Outfall Relocation Project

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Background

The Joint Utility Board Sewage Treatment Plant is a hybrid secondary/tertiary treatment plant located on the Cowichan River that treats wastewater from North Cowichan, Duncan, Cowichan Bay, Eagle Heights and Cowichan Tribes (the CVRD Central Sector Area). The plant is located on Cowichan Tribes’ land near Duncan and is operated by  North Cowichan. The plant discharges highly treated effluent (cleaned water) into the Cowichan River. While this effluent meets provincial swimming safety standards, it is not clean enough for drinking.  

North Cowichan is working to move the outfall out of the river to a new location at the edge of Cowichan Bay.

There are several reasons to relocate the outfall:

  • The treatment plant is on land leased from Cowichan Tribes. The lease agreement includes a commitment to make a reasonable effort to move the outfall from the Cowichan River.

  • During periods of very low river flow, there is not enough flow to provide the desired amount of effluent dilution. Low river flows are expected to become more frequent in the future.

  • The existing outfall infrastructure is at risk of damage from log jams and gravel accumulation.

  • Moving the outfall from the river may trigger a reassessment of shellfish harvesting in Cowichan Bay.

Proposed outfall location

Studies and public engagement in 2015 identified a proposed outfall location in Cowichan Bay (see map, Stage 1 outfall). Since that time, additional studies and consultations with local First Nations have led to a new proposed location at the edge of Cowichan Bay (see map, Stage 2 outfall).

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Map of Cowichan Bay highlighting the proposed outfall locaiton.

The outfall location has been selected to avoid anchorages and known shellfish harvesting areas. There will be significant dilution of the effluent at this location, much more than with the existing outfall. Modelling shows that the discharge will meet federal and provincial standards, even with increased quantities of effluent as the population grows.

Additional monitoring, before and after the outfall is operational, will take place through a Receiving Environment Monitoring Program (PDF).

Work is now underway to determine the preferred route for the pipe that will carry treated effluent from the treatment plant to the outfall. This decision will be based on many factors: environmental, archaeological and cultural studies; consultation with local First Nations, engagement with stakeholder groups and the public; and assessments of the relative cost and feasibility of potential routes.

Radial graph indicating the different factors that lead to the project's routing decision.

Marine routing options

In the ocean environment, the pipe will likely rest on the sea bed. Four routes are under consideration (see map below), entering the marine environment at:

  • Westcan Terminal Road,
  • Hecate Park,
  • Sutherland Drive, or
  • Fairbanks Road (Seaside Road)
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Map of Cowichan Bay with highlighted, proposed marine route options.

detailed study (PDF) provides information on the environmental implications of each of these routes. The study assessed potential impacts from pipeline construction and operation. Of the four marine routes:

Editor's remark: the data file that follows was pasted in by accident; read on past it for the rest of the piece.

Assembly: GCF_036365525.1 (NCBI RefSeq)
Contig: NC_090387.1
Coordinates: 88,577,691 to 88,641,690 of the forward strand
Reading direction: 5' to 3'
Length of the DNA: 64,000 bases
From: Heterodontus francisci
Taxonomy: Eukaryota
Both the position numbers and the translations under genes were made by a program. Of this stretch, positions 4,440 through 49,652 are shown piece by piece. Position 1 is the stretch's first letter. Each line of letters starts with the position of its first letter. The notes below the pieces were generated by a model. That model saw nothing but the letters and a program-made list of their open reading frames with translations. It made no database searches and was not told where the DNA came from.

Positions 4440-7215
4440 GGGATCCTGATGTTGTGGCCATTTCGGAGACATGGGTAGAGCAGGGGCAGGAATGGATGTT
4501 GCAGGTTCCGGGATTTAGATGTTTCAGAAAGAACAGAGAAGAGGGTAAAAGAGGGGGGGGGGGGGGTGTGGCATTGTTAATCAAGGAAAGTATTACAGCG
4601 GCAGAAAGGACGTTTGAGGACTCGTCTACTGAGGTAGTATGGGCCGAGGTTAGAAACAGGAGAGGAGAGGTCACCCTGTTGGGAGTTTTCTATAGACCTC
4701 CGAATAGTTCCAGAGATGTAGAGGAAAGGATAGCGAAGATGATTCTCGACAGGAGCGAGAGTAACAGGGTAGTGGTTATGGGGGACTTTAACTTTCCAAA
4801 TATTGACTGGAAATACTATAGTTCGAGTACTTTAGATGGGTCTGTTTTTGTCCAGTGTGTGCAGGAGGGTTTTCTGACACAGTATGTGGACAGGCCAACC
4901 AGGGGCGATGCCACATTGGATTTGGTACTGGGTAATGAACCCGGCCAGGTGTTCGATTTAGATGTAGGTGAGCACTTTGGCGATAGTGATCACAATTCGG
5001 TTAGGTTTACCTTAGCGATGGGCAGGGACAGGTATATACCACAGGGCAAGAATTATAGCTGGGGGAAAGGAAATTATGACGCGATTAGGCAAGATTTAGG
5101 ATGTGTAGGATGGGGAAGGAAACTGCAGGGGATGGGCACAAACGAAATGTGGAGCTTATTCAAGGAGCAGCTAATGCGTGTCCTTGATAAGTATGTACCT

• Sutherland Drive and Seaside Road would have the least environmental impact for inter-tidal and marine environments
  • Hecate Park would have moderate impact
  • Westcan Terminal would have the highest environmental impact

Some impacts associated with marine pipelines would be temporary. During installation, possible impacts include trenching along intertidal areas (if required) and installation of anchors to secure the pipe. Other potential impacts include: disturbance, change or loss of habitat; suspended sediments; excessive noise; and fuel spills. Once a preferred marine route is selected, an environmental impact study will recommend best practices, control measures, mitigation and compensation to address any impacts associated with construction.

Land and routing options

Options for land from the sewage treatment plant to the marine environment are;

  • Through Cowichan Tribes lands (either via Tzouhalem Road or through the middle of the Reserve), linking to any one of the four marine access points; or
  • Along the Trans-Canada Highway and Koksilah Road to either Sutherland Drive or Seaside Road
Image
Map of Cowichan Bay with highlighted, proposed land route options.

There are also routing options through Duncan, either along the river berm or along Marchmont Road and Beech Avenue. 

Map of Duncan with highlighted, proposed route options.

Pipes will be placed underground, mostly in road rights-of-way. In some locations, it may be necessary to mount the pipe on existing bridge structures. There will be disruption to traffic during installation, but there should be no long-term impacts.

Ongoing studies

At this time, no decisions have been made with respect to routing. Other alternatives may emerge during additional studies which North Cowichan is undertaking to identify and assess the environmental condition and risk, archaeological and cultural impacts, feasibility, cost and other considerations of land options.

Thanks for your input!

Thank you to everyone who provided input by email, on PlaceSpeak, and during the live webinar.  Your input and comments are included in a report on public engagement found here: JUB Public Engagement Report March 2021 (PDF) 

This phase of public engagement is now closed, however, there will be additional opportunities as the project moves forward.

Watch the video from the March 2021 open house: 

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